January 12, 2006

NY Rangers retire Messier’s jersey at Garden party

By Larry Fine

NEW YORK (Reuters) - Mark Messier, who led the New York
Rangers in 1994 to their first Stanley Cup in 54 years, had his
No. 11 jersey retired on Thursday in an emotional celebration
at Madison Square Garden.

Surrounded by many of his teammates from that Stanley Cup
winning team, members of his family and the Cup itself, Messier
watched as his No. 11 banner was slowly lifted to the rafters
to the strains of Beethoven's "Ode to Joy."

His was the fourth jersey ever retired by the Rangers,
joining Rod Gilbert (No. 7), Eddie Giacomin (No. 1) and Mike
Richter (No. 35), the goalie on the '94 championship team.

"This is like every big game I ever played condensed into
one night," said Messier, who had to stop several times to wipe
away tears and wait for his strong chin to stop quivering.

"Thank you, thank you, thank you."

The ceremony was held before the scheduled game that pitted
the Rangers against his former team Edmonton. Messier's No. 11
was painted behind each net and sewn onto every Rangers jersey.

Messier, who enjoys a passion for deep sea fishing, was
presented with a fishing chair and four sets of heavy rods and
reels. A gift of $211,000 was given to his favorite children's
charity and he also received a trip for his extended family to
Ireland to celebrate his mother's heritage.

Messier played his last game on March 31, 2004, ending a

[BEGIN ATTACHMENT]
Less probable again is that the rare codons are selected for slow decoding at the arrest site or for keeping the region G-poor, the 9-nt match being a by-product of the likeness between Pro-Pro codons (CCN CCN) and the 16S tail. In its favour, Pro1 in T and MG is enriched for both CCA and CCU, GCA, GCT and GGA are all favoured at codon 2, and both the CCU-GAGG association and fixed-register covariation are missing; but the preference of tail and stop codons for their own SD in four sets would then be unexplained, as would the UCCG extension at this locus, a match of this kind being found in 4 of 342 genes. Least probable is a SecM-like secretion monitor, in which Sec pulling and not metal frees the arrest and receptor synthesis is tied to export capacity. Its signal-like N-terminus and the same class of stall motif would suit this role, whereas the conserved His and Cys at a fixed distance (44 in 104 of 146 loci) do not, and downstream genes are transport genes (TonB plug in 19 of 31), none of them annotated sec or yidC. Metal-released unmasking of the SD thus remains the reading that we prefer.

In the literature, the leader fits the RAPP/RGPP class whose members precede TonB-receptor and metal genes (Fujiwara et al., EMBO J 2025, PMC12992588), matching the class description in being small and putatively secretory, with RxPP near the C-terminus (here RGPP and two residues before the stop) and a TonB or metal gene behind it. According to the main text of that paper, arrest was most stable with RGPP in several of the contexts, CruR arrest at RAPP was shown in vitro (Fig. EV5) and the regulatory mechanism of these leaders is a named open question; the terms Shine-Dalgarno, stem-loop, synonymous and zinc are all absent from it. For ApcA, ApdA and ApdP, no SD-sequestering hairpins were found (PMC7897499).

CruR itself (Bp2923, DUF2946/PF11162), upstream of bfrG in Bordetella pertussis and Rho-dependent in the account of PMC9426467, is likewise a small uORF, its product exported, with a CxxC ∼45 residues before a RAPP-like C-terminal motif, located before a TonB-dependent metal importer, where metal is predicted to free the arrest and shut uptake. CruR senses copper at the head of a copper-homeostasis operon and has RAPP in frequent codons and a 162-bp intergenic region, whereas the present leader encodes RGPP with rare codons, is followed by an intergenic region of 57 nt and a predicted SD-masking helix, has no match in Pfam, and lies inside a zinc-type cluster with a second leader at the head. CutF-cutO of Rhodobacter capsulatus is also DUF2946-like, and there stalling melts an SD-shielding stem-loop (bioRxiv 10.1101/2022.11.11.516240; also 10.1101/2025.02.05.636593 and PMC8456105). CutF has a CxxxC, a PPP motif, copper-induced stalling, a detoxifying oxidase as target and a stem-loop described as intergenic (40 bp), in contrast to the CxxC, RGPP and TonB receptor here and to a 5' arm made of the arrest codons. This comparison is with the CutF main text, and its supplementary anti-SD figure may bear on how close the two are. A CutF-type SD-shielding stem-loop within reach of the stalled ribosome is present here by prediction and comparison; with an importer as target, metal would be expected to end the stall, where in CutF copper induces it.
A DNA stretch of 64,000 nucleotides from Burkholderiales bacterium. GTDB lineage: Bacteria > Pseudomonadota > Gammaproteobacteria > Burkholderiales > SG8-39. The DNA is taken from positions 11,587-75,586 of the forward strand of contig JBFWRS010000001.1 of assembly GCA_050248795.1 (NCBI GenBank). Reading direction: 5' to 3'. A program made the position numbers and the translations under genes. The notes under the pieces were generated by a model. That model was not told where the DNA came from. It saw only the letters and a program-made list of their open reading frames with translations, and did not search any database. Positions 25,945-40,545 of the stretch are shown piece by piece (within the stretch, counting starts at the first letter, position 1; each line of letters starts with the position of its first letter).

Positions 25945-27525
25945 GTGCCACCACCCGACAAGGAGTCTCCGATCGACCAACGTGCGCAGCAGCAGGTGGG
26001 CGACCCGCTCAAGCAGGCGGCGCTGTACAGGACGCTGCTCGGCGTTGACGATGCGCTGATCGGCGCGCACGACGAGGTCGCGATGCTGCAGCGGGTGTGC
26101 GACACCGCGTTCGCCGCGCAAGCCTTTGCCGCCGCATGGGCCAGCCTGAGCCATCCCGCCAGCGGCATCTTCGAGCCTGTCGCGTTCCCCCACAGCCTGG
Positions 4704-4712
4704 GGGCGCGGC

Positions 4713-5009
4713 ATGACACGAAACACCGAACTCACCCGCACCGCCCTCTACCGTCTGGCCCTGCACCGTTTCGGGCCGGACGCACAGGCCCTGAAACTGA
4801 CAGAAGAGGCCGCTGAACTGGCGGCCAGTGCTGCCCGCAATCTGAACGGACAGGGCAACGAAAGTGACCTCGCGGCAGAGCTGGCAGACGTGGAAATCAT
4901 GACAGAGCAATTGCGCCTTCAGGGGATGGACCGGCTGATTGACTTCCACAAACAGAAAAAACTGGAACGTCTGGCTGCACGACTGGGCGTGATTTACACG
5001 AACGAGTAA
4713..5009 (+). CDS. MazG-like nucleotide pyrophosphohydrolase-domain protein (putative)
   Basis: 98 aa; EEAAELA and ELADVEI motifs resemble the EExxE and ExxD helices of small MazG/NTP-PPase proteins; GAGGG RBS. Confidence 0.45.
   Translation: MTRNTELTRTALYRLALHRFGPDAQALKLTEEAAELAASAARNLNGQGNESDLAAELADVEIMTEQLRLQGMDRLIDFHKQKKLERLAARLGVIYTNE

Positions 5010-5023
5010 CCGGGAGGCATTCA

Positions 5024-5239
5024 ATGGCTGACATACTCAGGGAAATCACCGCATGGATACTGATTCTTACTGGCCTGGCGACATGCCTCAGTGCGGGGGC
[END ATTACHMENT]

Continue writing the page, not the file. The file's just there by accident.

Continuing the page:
brilliant 25-year career that saw him climb to second on the
all-time scoring list and collect six Stanley Cup titles.

The first five were won in his hometown with the Edmonton
Oilers. The last, and perhaps most tumultuous, was with the
Rangers in his adopted hometown of New York after coming to the
team in a trade in 1991 and becoming its inspirational leader.


Before the jersey was hoisted to the rafters, Messier
raised the Stanley Cup once more above his head to roars from
the fans, who once wondered when they would see the Rangers win
a Stanley Cup.

"He made us believe that the Stanley Cup was our destiny,"
said former teammate Adam Graves.

Twice named the league's most valuable player, Messier
amassed 694 career goals and trails only his former Oilers and
Rangers teammate Wayne Gretzky in total points with 1,887.

"He was perhaps the most complete athlete to ever put on a
pair of skates. But his true genius was his unparalleled
ability to bring out the best in others," said Richter.

Messier is perhaps best remembered in New York for the bold
guarantee he made when the Rangers faced elimination in the
playoffs during their '94 Stanley Cup run.

Before Game Six of the Eastern Conference finals against
the Devils in New Jersey, after dropping Game Five at home 4-1,
Messier guaranteed a win to keep New York hopes alive.

The Devils led 2-1 going into the third period but the
Rangers captain backed up his bravado by scoring three goals in
the third period for a 4-2 Rangers win.

The Rangers went on to win the seventh game against New
Jersey in double overtime and then claimed their long-coveted
Stanley Cup against the Vancouver Canucks.